Here are a couple of my more interesting Lego creations, along with some random other Lego musings. The official Lego website is at www.lego.com.
Warning: Some of these pages have lots of images, and may take a long time to load.
This is a model of the Star Wars TIE Interceptor. (Like we needed another one?)(I removed the Lego Ogre from this page due to storage considerations.)
For bulk storage, I use the Contico Portable Work Box. It measures 21"x13"x20", is made of nice tough plastic with a locking lid, and costs about $20. I currently own two for Lego storage, and one for other purposes.
For compartmentalized storage, I use the WorkForce Organizer-166. It's 14.4"x11.5"x2.5", tough plastic, with a handle and a clear plastic lid. The compartment walls go all the way up, so parts stay put even if you invert it. It has about 16 compartments of varying length. All the compartments are just a smidgen over 8 Lego dots wide, so you can put an RCX (or two battery boxes side-by-side) into the big compartment without modifying anything. They cost about $4 each. Both the Organizer and the Work Box are available from Home Depot in the US.
Yet another collection of utterly trivial Lego data.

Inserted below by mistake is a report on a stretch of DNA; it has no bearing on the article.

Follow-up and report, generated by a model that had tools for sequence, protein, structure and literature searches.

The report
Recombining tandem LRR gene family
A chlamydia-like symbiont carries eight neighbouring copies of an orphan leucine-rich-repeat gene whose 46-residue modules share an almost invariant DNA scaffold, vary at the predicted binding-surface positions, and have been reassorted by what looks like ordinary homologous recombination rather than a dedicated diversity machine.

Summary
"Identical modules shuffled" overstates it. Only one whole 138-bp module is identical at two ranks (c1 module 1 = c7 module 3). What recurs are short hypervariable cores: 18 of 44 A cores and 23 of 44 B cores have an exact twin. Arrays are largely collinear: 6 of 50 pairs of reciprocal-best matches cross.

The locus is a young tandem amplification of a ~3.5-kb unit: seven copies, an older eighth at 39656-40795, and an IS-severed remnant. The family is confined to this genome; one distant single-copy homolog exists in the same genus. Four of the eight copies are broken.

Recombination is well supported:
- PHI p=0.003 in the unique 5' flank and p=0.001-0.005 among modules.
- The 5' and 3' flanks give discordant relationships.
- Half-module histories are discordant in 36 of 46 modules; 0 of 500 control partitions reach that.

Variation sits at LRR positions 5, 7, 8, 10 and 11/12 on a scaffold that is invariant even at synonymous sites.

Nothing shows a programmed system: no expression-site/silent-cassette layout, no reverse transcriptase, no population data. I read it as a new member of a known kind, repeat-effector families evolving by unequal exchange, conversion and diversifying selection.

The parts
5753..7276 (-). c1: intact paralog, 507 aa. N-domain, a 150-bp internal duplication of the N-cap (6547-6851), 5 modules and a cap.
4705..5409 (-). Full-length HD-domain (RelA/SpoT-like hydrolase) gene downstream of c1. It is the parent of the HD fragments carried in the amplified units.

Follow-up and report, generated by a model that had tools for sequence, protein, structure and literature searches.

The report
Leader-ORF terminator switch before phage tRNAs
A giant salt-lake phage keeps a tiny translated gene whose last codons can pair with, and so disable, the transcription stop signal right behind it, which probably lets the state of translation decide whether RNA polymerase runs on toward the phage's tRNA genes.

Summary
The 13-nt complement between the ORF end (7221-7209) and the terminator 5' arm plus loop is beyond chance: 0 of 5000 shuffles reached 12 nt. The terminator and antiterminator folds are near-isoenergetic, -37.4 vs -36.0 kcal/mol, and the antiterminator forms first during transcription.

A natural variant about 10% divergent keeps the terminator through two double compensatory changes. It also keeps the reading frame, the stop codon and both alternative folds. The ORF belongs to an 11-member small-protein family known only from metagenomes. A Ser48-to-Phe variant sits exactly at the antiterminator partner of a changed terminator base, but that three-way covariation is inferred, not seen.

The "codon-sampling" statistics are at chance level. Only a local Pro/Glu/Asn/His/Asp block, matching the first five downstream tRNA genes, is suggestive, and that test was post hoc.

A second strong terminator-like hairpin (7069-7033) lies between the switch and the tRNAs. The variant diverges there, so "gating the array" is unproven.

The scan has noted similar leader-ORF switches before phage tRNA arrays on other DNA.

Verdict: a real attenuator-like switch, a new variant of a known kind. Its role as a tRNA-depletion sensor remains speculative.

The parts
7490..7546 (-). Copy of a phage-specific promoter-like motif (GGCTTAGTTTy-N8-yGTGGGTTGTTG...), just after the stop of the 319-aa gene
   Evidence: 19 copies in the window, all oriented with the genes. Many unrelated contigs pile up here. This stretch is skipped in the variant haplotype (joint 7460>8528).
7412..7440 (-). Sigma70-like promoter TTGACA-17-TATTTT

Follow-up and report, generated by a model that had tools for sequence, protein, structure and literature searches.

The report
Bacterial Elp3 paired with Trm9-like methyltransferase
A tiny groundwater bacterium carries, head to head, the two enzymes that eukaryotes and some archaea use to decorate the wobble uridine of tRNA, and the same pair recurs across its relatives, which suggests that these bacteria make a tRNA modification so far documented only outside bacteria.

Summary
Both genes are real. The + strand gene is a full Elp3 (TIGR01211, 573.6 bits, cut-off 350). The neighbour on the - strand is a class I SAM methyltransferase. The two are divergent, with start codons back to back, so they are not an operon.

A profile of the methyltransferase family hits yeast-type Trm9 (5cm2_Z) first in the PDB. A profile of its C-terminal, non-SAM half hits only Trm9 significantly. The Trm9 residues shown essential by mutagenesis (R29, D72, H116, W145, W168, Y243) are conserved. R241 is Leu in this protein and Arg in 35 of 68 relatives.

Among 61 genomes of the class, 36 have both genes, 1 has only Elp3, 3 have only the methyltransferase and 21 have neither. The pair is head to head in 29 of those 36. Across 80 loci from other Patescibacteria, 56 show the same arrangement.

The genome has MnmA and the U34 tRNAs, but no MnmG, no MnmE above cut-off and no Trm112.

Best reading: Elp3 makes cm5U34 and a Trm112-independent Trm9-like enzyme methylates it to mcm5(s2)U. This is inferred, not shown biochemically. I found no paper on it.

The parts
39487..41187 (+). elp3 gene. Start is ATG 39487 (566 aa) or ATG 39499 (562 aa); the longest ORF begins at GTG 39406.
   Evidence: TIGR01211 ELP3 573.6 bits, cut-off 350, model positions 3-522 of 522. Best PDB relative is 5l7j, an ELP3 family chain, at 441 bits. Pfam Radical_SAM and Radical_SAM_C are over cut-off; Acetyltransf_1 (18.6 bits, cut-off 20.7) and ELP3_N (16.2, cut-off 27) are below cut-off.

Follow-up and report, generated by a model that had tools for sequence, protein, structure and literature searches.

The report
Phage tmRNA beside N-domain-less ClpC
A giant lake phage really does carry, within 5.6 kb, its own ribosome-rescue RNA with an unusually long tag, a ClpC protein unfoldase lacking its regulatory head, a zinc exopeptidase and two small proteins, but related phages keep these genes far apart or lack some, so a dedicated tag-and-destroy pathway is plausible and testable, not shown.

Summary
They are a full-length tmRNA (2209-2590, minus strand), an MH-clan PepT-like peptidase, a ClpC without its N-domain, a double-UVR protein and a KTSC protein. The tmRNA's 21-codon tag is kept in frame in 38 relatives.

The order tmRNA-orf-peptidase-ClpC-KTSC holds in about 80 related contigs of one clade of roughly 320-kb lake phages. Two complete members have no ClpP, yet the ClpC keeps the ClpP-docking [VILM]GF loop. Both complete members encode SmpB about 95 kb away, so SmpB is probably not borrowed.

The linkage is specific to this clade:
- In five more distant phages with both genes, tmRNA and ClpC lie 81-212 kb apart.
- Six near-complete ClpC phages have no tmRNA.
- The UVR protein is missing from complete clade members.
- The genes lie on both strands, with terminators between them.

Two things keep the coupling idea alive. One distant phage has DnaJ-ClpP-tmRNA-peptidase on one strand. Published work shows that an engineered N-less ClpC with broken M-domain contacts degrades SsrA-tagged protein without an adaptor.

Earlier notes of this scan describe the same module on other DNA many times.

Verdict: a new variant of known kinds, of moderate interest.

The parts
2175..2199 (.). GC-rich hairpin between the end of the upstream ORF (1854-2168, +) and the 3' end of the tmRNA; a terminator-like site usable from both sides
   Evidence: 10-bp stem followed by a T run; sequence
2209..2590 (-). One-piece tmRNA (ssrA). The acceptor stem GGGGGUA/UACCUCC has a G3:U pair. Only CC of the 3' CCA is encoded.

One of my potential projects involves channeling the IR signal from a Lego RCX through a duct and around corners. So, I was curious about which bricks reflected the best. I assumed the limited-edition 25th Anniversary silver bricks would, but I didn't really have any proof. A chrome finish doesn't necessarily reflect infrared.
So I set up an experiment. I mounted a light sensor to the bottom of an RCX, and arranged a framework to hold two standard bricks at the requisite 45 degree angles. Light from the IR transceiver would bounce off one brick, then the other brick, then hit the light sensor. I set it up so that the tops of the bricks were the reflecting surfaces. There were good reasons to use the sides, but [shrug].
The test software involved sending repeated IR messages for 10 seconds. While this was going on, I watched the return from the light sensor using the View button. The "zero" return, when nothing was being transmitted, was 30. The first test revealed that the return fluctuated widely, so I recorded the highest value for each 10-second test.
|Color||Test 1||Test 2||Test 3||Test 4||Test 5||Average||Adjusted|
The Average column is the average, to two significant digits. The Adjusted column assumes that a reading of "30" is a 0 return, and that the silver pieces are perfect reflectors. (It's computed as (Avg-30)/67x100.)
I hope this data is of use to you, but it doesn't seem likely. [grin]
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|Jonathan Woodward, firstname.lastname@example.org|
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